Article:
This Month in Rochester History

It was a half century ago this month that Rochester residents first learned about the development planned for the former Great Oaks Stock Farm on the west side of the village. Slavik Builders of Oak Park unveiled their concept for the 400-acre development that included 600 homes, 900 apartments and a 9-hole golf course, plus a shopping center to be built later. It was announced that the homes in the new subdivision would be priced starting at $30,000. By Deborah Larson, originally posted at Remembering Rochester.

The former Great Oaks Stock Farm
The former Great Oaks Stock Farm

The former Howard L. McGregor home on the property was designated to be re-purposed as a clubhouse for the Great Oaks Country Club. The entire Slavik plan was scheduled to take 7-10 years to complete.

Rochester and Rochester Hills title with Arcadia Publishing

Rochester and Rochester Hills Title with Arcadia Publishing

Rochester and Rochester Hills

By Meredith Long and Madelyn Rzadkowolski

Rochester and Rochester Hills grew in a territory of three rivers, abundantly fertile pastures, and rolling oak forests on land once considered uninhabitable. Though only 30 miles from Detroit, official government reports of swampy and barren land deterred settlers. In 1817, the Graham family disregarded these reports, instead following the advice of Native Americans to reach a territory governed by a triumvirate of creeks, which were forceful enough to power several mills yet gentle enough to support thriving farms. Only 20 years later, every plot in Rochester had been sold. Later the village was made a stop on the network of Michigan railroads, cementing its fate as a vigorous and popular community. With a past boasting such illustrious citizens as auto baron John Dodge and internationally prominent obstetrician Dr. Bertha Van Hoosen, with corporations like Parke-Davis and philanthropic organizations such as Leader Dogs for the Blind, Rochester remains a source of innovative leadership as well as a model for successful suburbia.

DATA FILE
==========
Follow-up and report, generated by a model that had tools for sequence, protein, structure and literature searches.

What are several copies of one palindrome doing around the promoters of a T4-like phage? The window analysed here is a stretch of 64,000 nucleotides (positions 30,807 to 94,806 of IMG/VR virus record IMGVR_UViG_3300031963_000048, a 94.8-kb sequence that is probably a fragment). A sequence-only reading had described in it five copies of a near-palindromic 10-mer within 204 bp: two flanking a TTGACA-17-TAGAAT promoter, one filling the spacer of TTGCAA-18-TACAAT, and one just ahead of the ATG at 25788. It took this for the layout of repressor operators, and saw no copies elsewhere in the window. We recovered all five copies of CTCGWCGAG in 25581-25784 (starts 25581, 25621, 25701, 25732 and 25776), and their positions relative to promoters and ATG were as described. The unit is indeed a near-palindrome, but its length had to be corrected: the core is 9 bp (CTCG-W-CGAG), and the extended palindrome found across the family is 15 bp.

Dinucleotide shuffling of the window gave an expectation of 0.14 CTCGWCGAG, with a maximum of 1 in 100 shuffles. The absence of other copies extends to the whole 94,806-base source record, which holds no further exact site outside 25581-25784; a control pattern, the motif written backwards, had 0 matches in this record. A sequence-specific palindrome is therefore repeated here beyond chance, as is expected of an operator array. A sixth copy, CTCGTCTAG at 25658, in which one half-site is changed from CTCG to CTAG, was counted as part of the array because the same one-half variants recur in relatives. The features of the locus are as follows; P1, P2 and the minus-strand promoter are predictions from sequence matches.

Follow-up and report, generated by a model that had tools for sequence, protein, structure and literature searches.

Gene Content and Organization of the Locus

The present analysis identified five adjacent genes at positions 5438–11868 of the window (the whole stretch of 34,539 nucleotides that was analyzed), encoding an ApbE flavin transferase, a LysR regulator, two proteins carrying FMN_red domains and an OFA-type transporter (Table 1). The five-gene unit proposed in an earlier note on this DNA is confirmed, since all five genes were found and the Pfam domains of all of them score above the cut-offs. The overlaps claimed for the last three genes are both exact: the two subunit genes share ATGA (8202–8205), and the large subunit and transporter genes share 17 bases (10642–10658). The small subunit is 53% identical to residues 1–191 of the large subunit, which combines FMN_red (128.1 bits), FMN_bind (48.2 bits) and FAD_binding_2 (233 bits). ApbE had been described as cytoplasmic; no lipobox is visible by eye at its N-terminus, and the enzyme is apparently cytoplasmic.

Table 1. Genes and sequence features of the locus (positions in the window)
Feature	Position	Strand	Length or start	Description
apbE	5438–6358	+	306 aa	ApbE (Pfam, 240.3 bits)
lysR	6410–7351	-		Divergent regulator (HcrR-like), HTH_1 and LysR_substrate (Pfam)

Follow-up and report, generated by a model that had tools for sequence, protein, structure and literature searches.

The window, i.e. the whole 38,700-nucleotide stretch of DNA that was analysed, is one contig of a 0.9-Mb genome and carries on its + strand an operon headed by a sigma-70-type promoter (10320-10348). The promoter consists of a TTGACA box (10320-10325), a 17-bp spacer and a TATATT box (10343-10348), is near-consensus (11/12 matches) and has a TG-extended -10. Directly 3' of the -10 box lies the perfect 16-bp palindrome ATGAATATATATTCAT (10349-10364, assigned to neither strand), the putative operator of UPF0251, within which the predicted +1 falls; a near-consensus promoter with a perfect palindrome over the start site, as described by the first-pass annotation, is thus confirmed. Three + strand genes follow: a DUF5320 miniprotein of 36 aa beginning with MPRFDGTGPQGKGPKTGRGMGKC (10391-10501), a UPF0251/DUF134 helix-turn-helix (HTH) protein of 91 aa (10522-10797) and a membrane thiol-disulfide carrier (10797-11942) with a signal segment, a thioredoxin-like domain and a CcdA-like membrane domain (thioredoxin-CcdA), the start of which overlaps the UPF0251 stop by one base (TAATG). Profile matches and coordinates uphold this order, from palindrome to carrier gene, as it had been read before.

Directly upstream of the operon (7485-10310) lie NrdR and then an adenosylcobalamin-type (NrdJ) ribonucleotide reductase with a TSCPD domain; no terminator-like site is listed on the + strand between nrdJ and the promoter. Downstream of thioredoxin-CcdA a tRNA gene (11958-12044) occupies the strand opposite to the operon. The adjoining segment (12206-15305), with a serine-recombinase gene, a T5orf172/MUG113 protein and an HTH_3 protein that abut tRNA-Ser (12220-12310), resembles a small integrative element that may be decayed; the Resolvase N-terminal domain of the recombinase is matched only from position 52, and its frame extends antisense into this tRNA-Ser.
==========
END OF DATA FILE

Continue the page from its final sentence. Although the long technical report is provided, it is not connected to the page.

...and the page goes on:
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Photos Courtesy of Arcadia Publishing

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  1. This entire post is lifted verbatim from my blog, Remembering Rochester, and is presented here completely without credit, it is proper to ask the author’s permission and give them credit:

  2. Gregory Sheldon says

    I love seeing the old farm. My Grandfather Charles Dulzo ran the farm back in the 50’s / early 60’s I’m thankful they left the old dairy barn standing as is did back then. I remember the time he fell from the top of the barn and spent time in a body cast. My Mother lived on the farm and I have some old pictures of her and my aunt standing outside. I can still see the old stone foundation from the barn. Great childhood memories.


      I remember your grandfather Charles Dulzo.I worked at the Great Oaks Stock Farm in the Summertime,late 1950’s.

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